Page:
Dawn - Sometimes An Ultrarunner

Dawn - Sometimes An Ultrarunner

September 30, 2012

Fastpacking: The Nidderdale Way

Alternatively Titled: The Misadventures of my First Solo Backpacking Attempt! 

For many months I have wanted to get out by myself.  Love it, hate it, don't know until I try it.  The 53-mile Nidderdale Way was an obvious choice for a short weekend round.   The best part?  I could walk out my front door and be down at the trail in minutes.   Oddly enough I hadn't been on any of the trail yet, aside from a few short miles.

Friday afternoon saw me walking down the sidewalk and waving goodbye to Rob.  It was mild, I was in no hurry (yet) and with a small tree-identification book in hand, I was feeling up leaves as I ambled down the trail.  Ripley Castle came and went, along with a lot of unremarkable scenery, remarkable in that it was all rather pleasant, even in a quick rainshower. 

Almost October and the days are short, the coming darkness saw me peering desperately for a spot to hide out for the night, just short of Brimham Rocks and the boggy moors that surround them.  Many likely-looking sleep spots were filled with cows, sheep, in sight of houses, or just plain soaking wet.   Finally, a good spot, hop a fence and set up my bivy bag.  The wind died, the (almost) full moon rose, and I had a wonderful evening cooking over my stove and laying down watching the stars. 

Just short of sleep and short of midnight, I hear a motor (strange for my location), and peek out of my bag to see a 4-wheeler driving slowly around the field with a flashlight waving around.   I hunkered down in my bivy bag, which luckily is the color of grass, and realize they were in the field next to mine.  No consolation if they see me, though...the first rule of wild camping:  tell no one where you are.   The lights disappear, only to turn around and come slowly back.  Eek!  The motor exits the field without discovering me, and I am left in peace for the night.  It's warm enough I brave the possible slugs and leave the top open on the bivy. 

I packed up quickly in the morning and around the bend found a concrete pad, which I shared with some mud and random animal bones for a sheltered cooking spot.  Breakfast was an epic fail.  My alcohol fuel was too cold to light, I guess, requiring that I swap to my good fuel.  Trying to pour it back into the bottle (from a holey cat food can stove) was almost pointless.  Once I had a good boil, I failed to stir up my rice (boil in a bag) pudding at all early enough, leaving crunchy bits of rice in the bottom and rendering it inedible.  Uh-oh, my food ration suddenly seemed a little short.  The bag of now-congealing rice pudding went back in the pack as dead weight.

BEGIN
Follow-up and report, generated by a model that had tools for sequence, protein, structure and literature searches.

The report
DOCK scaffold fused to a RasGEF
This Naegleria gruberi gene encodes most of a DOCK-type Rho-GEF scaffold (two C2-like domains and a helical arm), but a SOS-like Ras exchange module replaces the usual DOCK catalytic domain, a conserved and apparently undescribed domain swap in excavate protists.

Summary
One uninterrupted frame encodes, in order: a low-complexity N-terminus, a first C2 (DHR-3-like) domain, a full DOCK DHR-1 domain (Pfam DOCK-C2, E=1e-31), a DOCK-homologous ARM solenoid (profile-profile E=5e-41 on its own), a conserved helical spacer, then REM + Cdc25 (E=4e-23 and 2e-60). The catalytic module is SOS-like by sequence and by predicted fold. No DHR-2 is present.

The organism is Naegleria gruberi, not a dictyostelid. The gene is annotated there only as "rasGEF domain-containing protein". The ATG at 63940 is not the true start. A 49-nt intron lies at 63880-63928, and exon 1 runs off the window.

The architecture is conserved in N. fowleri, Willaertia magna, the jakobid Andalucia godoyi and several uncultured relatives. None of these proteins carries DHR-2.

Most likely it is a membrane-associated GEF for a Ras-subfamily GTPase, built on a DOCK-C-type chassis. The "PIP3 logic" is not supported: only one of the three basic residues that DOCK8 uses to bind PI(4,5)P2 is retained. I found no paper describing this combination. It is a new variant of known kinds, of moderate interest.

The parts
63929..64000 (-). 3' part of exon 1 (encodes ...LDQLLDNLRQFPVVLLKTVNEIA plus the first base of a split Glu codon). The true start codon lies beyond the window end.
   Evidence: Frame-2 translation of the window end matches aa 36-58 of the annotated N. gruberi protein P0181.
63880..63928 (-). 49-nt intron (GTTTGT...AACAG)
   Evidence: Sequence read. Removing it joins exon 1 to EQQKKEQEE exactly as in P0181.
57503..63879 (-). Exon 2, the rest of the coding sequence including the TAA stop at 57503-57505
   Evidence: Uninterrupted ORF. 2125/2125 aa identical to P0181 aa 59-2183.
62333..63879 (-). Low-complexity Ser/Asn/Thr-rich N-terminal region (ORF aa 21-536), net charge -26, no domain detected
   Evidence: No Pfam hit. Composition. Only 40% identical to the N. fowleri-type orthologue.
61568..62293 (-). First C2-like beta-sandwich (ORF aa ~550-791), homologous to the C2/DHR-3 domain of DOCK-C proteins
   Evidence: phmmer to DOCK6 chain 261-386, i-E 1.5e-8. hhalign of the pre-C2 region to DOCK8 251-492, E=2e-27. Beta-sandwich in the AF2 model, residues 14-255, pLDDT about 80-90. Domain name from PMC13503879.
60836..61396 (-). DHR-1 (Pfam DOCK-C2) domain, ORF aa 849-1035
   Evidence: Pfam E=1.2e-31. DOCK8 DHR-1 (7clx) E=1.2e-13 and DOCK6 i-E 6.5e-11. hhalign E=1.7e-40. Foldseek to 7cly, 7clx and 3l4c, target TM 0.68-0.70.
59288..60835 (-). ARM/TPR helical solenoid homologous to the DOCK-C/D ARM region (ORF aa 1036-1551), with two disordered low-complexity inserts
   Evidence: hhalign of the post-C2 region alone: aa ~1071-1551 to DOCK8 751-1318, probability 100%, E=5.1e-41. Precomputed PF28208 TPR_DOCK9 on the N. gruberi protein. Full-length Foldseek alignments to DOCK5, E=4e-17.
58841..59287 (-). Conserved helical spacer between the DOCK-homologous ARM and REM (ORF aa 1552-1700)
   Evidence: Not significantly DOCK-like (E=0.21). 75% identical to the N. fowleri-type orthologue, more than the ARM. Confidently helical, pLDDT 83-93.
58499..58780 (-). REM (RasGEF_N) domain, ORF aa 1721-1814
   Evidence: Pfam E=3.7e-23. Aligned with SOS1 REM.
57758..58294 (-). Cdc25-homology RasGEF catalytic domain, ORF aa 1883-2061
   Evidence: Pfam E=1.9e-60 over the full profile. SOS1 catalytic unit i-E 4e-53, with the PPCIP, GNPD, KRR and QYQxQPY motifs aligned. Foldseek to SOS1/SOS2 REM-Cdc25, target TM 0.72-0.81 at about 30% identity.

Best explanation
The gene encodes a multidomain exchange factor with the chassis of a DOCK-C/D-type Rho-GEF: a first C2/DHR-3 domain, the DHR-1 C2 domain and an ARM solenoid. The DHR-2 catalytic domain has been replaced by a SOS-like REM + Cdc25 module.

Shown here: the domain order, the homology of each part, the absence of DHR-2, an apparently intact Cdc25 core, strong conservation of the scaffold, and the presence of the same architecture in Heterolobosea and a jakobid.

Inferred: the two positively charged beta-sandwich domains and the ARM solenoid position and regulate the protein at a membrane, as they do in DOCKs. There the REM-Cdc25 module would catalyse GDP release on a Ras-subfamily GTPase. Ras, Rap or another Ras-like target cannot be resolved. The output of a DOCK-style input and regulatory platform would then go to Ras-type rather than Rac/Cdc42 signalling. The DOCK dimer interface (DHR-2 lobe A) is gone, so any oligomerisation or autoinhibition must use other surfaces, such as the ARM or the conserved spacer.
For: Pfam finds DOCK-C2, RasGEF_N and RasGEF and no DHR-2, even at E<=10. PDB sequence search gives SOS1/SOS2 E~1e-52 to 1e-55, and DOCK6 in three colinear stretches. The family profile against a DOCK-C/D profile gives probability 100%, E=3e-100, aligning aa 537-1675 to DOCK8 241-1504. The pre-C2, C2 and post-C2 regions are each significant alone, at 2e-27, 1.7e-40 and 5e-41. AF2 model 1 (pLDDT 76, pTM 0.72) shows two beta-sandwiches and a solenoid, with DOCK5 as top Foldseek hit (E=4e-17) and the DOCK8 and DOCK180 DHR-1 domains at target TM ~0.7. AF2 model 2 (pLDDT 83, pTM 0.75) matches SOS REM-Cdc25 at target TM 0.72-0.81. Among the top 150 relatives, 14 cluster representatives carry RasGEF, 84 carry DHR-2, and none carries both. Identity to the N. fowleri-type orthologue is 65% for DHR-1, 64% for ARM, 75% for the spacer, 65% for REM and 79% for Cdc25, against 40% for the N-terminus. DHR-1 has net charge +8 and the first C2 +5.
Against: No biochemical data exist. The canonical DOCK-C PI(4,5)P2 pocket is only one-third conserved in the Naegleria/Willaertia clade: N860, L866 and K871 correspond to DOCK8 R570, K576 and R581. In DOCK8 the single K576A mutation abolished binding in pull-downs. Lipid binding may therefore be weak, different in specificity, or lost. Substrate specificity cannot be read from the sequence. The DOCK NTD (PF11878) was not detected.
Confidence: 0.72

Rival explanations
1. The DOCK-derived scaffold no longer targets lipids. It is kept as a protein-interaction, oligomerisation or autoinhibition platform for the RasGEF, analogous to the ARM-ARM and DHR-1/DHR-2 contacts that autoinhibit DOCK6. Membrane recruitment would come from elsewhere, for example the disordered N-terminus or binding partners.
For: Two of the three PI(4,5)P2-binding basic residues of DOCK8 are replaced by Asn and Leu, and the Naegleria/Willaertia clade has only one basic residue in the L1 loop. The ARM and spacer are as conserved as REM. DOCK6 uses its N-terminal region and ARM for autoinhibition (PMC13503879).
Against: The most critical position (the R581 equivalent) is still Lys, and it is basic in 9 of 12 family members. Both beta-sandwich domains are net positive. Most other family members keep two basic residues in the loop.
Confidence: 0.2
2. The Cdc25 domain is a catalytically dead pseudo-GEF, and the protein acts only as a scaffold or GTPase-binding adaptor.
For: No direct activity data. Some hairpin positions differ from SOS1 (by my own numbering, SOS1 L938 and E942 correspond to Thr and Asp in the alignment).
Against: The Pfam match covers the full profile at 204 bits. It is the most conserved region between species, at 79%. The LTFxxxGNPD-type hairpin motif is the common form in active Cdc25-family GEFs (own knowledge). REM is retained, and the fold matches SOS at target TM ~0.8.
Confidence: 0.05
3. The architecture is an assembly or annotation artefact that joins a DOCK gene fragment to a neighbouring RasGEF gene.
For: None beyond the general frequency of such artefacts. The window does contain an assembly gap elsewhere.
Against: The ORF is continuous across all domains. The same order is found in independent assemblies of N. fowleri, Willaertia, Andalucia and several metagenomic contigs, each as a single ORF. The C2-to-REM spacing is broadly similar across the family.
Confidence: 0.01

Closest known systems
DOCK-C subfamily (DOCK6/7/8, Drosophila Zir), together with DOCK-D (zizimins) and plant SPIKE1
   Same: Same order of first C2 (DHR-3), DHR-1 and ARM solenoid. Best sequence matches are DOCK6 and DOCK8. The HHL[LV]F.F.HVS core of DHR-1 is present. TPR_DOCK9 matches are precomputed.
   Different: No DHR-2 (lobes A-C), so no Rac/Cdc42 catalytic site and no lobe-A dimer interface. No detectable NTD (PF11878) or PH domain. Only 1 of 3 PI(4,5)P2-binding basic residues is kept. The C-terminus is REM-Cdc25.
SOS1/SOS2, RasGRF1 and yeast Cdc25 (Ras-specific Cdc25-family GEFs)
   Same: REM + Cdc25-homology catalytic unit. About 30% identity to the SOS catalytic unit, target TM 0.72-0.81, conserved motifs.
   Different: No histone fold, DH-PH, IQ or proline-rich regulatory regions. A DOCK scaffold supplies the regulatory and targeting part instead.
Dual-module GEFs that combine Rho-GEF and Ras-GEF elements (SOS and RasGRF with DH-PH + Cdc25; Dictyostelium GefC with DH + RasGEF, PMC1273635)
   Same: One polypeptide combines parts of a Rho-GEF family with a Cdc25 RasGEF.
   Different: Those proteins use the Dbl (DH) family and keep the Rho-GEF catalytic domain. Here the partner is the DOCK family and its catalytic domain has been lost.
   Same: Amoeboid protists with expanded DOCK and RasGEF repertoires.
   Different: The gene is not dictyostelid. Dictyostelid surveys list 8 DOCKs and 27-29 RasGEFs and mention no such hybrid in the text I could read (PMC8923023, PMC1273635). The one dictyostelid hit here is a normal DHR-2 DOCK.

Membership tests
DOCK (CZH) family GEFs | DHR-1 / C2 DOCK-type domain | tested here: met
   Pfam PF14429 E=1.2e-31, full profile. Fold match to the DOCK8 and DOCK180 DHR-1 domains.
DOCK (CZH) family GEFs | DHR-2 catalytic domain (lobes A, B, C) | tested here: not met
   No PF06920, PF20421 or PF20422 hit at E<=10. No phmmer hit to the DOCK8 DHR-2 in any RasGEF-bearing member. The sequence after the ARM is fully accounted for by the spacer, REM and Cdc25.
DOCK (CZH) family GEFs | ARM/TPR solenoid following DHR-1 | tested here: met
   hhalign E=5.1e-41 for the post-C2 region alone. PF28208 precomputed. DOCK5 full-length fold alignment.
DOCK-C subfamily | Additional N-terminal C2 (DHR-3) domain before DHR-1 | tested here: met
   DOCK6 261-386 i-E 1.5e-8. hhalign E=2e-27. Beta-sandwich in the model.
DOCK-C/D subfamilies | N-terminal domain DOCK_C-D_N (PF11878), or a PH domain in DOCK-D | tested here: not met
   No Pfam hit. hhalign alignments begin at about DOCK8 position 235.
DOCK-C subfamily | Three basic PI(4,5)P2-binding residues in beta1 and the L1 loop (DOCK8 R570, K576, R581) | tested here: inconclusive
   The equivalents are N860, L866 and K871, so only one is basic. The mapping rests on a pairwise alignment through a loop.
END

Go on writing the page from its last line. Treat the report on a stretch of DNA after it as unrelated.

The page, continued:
Saturday was sunny, if quite windy, and never quite warm enough.  I stayed on the move, surprising at least 1000 pheasants from the path.  No, I'm not exaggerating, I think there were a few pheasant "farms" near the trail to help out with the population.  Mid day found me still battling a headwind and skirting the edge of Masham Moor, heading for the most northwest point over Scar House Reservoir Dam.  Along the way I crossed a completely dry creekbed, remarkable after the monsoonal rains we had earlier in the week.  I speculated that the water must have diverted into one of the many potholes (caves) in the area.  This would not be a good week to go spelunking. 

The dam overflow at Scar House was really kicking up, putting on quite a show for visitors.  It must have been really crazy a few days earlier.  I was mostly grateful I would now be walking with my back to the wind, over the moor and back down to How Stean Gorge.   It was near there that I accidentally forgot to shut off my GoPro camera after taking a photo...after snapping 1,847 worthless photos at 2-second intervals, it finally beeped to complain that the memory card was full.  Given the limited field options of the GoPro, and no spare chip, there were no more photos to be taken.  Into the pack it went.

After 11 hours of walking for the day, I hopped another fence on top of a likely deserted hill, and found a lush pasture just past a "private road" sign, with no hint of animals, poop, soggy ground, people or unwanted 4-wheelers.  Aren't I particular. I had just dumped my gear all over the grass when I heard a woman walking by yelling at her dog.  Luckily she was so busy watching the dog (who probably knew I was frozen behind the rock wall), that she didn't notice me then, or again when she walked back a few minutes later.  It was windy in my little rock corner, the moon was soon obscured by clouds, and my stove fuel (warmed by a few minutes in my armpit) still went out at least 7 times.   I managed to eat and then burrowed inside the bivy, which kept me surprisingly warm even if the wind was whacking the cloth into my head.